• Because oxides of nitrogen contribute to ozone and particle pollution formation, several categories of oxides of nitrogen, known collectively as total reactive nitrogen (NOy), would be measured at the multi-pollutant sites. This new measurement system will be more useful in supporting models and air pollution forecasts than existing nitrogen oxides (NOx) technology.

Photochemical assessment monitoring stations

  • The EPA proposal would streamline site and measurement requirements to give states more flexibility to deploy networks that meet individual data needs in ozone nonattainment areas classified as serious, severe, or extreme.

Special-purpose monitors

  • The EPA proposal would give states more flexibility to deploy Special Purpose Monitors for short periods of time (in addition to the monitors they are required to operate) to assess suspected air pollution problems without immediate regulatory consequences.

Technical changes

  • The proposed amendments would also make a number of technical changes including:
    • Updating quality assurance requirements with an emphasis on using the data quality objectives process to ensure quality data.
    • Revising statistics used for calculating precision and bias.
    • Revising the requirements for designating monitoring methods known as “federal reference” methods.
    • Revising regulations for approving PM2.5 monitoring methods that could be considered equivalent to the Federal Reference Method and adding new requirements for approving equivalent methods for continuous PM2.5 and PM10-2.5 monitoring.
    • Provide flexibility for states to use certain methods for continuous monitoring of PM2.5 mass in regions where those methods work well. These methods could be used to meet multiple monitoring objectives, including determining whether an area is meeting air quality standards.
    • Reduce the supplemental data reporting requirements for filter-based PM2.5 monitors
    • Clarify data certification requirements and require an accelerated schedule for states to complete annual certification letters and transmit them to EPA.
    • Requiring periodic and detailed air monitoring network assessments to consider whether stations should be changed to account for changes in air quality, population growth, emissions sources, and other parameters.
    • Consolidate and reorganize several technical appendices.


  • Ambient air monitoring systems play a critical role in the nation’s air quality management program infrastructure. They are used for a wide variety of purposes, including providing data used to determine whether areas are meeting the NAAQS.
  • Other important uses of these monitors include: support of timely reporting of the Air Quality Index and issuing air quality forecasts, support of long-term health assessments, and tracking long-term air quality both to gauge effectiveness of emission control strategies and to quantify accuracy of supporting model evaluations.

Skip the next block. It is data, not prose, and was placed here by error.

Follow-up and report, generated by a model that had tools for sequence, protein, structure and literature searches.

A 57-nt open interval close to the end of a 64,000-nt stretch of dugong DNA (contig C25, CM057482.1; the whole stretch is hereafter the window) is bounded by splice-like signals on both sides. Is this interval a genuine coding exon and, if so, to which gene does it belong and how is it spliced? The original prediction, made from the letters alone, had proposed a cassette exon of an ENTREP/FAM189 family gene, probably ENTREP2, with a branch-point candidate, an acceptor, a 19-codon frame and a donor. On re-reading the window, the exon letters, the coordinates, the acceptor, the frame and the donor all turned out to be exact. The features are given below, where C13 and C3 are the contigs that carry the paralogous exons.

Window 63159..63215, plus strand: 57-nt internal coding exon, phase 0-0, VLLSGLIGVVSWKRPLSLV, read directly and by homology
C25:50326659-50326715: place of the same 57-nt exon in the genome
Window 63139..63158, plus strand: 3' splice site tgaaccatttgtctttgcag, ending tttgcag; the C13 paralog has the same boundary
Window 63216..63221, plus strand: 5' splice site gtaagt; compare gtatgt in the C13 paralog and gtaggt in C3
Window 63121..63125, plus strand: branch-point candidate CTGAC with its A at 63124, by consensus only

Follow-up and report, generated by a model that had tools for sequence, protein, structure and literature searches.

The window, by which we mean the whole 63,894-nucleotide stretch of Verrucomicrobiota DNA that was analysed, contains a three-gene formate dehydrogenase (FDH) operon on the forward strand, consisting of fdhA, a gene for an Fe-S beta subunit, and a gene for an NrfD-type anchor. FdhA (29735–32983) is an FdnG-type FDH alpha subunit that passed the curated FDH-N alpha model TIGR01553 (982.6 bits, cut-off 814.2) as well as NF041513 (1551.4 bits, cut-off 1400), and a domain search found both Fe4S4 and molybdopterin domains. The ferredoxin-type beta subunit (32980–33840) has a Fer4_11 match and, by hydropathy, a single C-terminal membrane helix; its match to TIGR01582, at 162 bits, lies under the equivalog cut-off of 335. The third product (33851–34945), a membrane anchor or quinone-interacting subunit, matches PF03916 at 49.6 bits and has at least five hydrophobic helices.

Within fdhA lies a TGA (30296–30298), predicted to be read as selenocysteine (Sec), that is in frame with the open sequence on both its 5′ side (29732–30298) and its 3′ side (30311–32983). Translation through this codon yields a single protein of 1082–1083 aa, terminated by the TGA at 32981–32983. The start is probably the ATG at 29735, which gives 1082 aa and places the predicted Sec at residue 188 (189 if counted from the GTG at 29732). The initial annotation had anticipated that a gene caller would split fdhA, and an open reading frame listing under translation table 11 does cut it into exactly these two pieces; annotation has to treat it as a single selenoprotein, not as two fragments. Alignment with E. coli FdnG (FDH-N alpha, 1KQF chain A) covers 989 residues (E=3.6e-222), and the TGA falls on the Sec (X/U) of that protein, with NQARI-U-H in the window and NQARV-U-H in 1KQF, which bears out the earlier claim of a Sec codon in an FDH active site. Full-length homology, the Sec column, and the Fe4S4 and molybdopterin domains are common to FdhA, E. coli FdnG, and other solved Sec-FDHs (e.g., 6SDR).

• EPA sought expert scientific review of the proposed methods, technologies, and approach for ambient air monitoring from the Clean Air Scientific Advisory Committee (CASAC). The CASAC is an independent scientific advisory committee established, in part, to provide advice, information and recommendations on the scientific and technical aspects of issues related to air quality criteria and the NAAQS.
  • EPA consulted with the CASAC Ambient Air Monitoring and Methods Subcommittee throughout the development of the proposed amendments.
    • In July 2003, CASAC’s National Ambient Air Monitoring Strategy Subcommittee held a public meeting to review EPA’s draft National Ambient Air Monitoring Strategy which contained technical information related to the planned changes to the ambient air monitoring networks.
    • Public meetings were also held in July 2004, December 2004 and September 2005 to discuss the CASAC’s review of nearly 20 documents concerning: performance-based standards for continuous monitors for particulate matter (PM), data quality objectives for coarse particles and PM continuous methods, criteria for designation of equivalent methods, methods and technology for measurement of fine and coarse particles, reconfiguration of ambient air monitoring stations, and other technical aspects of the proposed amendments. These documents, along with CASAC review comments and other information, are available at: http://www.epa.gov/ttn/amtic/casacinf.html.
  • Additional information about the national air monitoring network is available on the Ambient Monitoring Technology Information Center section of EPA’s Technology Transfer Network at: http://www.epa.gov/ttn/amtic/


  • Today's proposed action and other background information are also available either electronically at www.regulations.gov, the federal government’s docket management system, or in hard copy at EPA West, U.S. EPA (6102T), 1301 Constitution Avenue, NW, Washington, DC 20460. (Docket ID No. OAR-2004-0018). The Public Reading Room is open from 8:30 a.m. to 4:30 p.m., Monday through Friday, excluding legal holidays. The telephone number for the Public Reading Room is (202) 566-1744, and the telephone number for the Air and Radiation Docket and Information Center is (202) 566-1742.

Comments will be accepted until April 17, 2006. All comments should be identified by Docket ID No. OAR-2004-0018 and submitted by one of the following methods:

  • Federal e-rulemaking portal; www.regulations.gov;
  • E-mail (a-and-r-docket@epa.gov);
  • Facsimile (202) 566-1741;
  • Mail (Air and Radiation Docket and Information Center, Environmental Protection Agency, Mailcode: 6102T, 1200 Pennsylvania Avenue, NW, Washington, DC 20460); or
  • Hand delivery (Air and Radiation Docket and Information Center, Environmental Protection Agency, Room B102, 1301 Constitution Avenue, NW, Washington, DC).